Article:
Are there any potential pain points for the construction industry in delivering large infrastructure and regional urban projects? Is the availability of labour in the regions a concern, for instance?

“We currently have an infrastructure project in Cornwall, and it took us quite a while to get it staffed and up and running because it’s not a traditional location for migratory labour. We actually did have to get some of our London staff to move to Cornwall and find accommodation for them.

“However, since it’s a ‘target cost’ project, as many infrastructure projects are, it does protect us against a growing cost base or inflationary pressures. That’s one of the reasons why public infrastructure will be a huge boost to the construction sector in the current economic climate and its aftermath.”

Could a construction boom in the regions affect the availability of labour in the South East. Do you anticipate a migration of workers?

“It’s worth noting that a lot of that ramping up of labour for these regional projects is going to be with workers who are already in the construction sector and originally from that region, but who are currently working in the South East and London. They’ll essentially be going home to participate in the regional project and to be nearer friends and family. I do think London and the South East could feel the pinch because of that.”

How will current, global supply chain issues affect the construction industry’s ability to deliver on regional projects?

“For larger projects, rising costs are the biggest pressure, not necessarily the ability to get hold of the necessary materials, and the challenge is whether the regional budgets can flex to accommodate the level of inflation we’re seeing.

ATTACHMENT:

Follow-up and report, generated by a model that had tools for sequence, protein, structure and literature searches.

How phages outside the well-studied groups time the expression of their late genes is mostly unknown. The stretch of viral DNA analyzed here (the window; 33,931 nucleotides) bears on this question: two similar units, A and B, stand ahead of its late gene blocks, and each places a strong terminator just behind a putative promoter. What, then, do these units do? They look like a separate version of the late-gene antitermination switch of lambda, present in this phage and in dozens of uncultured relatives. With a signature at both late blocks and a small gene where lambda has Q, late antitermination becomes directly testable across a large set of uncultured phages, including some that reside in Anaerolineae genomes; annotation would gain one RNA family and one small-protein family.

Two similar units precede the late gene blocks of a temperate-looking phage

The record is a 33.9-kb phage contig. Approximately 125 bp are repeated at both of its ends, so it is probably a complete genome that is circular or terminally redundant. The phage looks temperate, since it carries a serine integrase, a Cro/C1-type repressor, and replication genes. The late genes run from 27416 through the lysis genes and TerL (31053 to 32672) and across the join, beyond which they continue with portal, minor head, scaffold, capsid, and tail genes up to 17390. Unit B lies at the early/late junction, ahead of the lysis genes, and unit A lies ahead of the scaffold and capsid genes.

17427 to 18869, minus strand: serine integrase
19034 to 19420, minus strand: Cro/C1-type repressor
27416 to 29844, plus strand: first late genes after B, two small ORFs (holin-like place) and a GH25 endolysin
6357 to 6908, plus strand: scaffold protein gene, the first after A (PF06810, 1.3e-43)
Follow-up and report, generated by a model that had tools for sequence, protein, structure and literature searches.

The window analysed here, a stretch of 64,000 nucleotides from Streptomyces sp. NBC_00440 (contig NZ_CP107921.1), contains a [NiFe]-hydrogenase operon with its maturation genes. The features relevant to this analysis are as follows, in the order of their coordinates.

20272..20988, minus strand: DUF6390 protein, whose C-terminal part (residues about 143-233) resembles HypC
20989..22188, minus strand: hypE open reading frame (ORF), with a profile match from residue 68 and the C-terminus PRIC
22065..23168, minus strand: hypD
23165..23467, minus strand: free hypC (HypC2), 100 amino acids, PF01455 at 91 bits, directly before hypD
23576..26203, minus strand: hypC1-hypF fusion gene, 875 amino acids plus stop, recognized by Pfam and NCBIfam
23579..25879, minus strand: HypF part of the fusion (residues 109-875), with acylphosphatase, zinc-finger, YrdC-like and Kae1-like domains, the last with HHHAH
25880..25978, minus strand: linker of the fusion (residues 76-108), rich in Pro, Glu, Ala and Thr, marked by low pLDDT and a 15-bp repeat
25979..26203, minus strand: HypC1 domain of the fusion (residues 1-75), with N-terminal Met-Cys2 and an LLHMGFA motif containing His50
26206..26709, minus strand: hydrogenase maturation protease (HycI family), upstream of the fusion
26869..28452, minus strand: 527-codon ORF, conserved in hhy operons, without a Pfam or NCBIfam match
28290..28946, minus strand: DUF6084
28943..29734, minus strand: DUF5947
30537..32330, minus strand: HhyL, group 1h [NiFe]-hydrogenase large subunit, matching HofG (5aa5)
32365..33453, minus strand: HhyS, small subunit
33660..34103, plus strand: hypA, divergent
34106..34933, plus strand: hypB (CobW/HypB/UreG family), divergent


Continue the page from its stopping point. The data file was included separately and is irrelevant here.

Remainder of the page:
“For instance, Russia, Ukraine, and Belarus were significant manufacturers of reinforced steel, so we've seen the price rise from £480 a tonne to £1,150 a tonne in 18 months, including a rise of £300 per tonne in a single day. Thankfully, that’s starting to soften now as the global supply chain starts to kick in and new sources open up.

“Infrastructure projects tend to have a better chance of getting supply because they have predictable demand. So, as a supplier, if your volume is 1,500 cubic metres of concrete a day and there’s an infrastructure project that will take 500 cubic metres of that day after day, they’re always going to get priority. It’s the smaller, ancillary projects that are going to face with supply problems.”

How can the sector continue to support regional economies after projects are completed?

“When you create public infrastructure, you’re priming the pump for local development to come in behind it. Some of the people who are involved in the delivery of these large public infrastructure assets will stay on to be involved in the local development that comes afterwards.

“The delivery of infrastructure motivates local planning departments to continue to improve the quality of the local, built environment – and that creates jobs and supports local economies.”

Look out for more content coming soon on the opportunities and challenges in the construction sector, including areas such as supply chains and regional economy investment.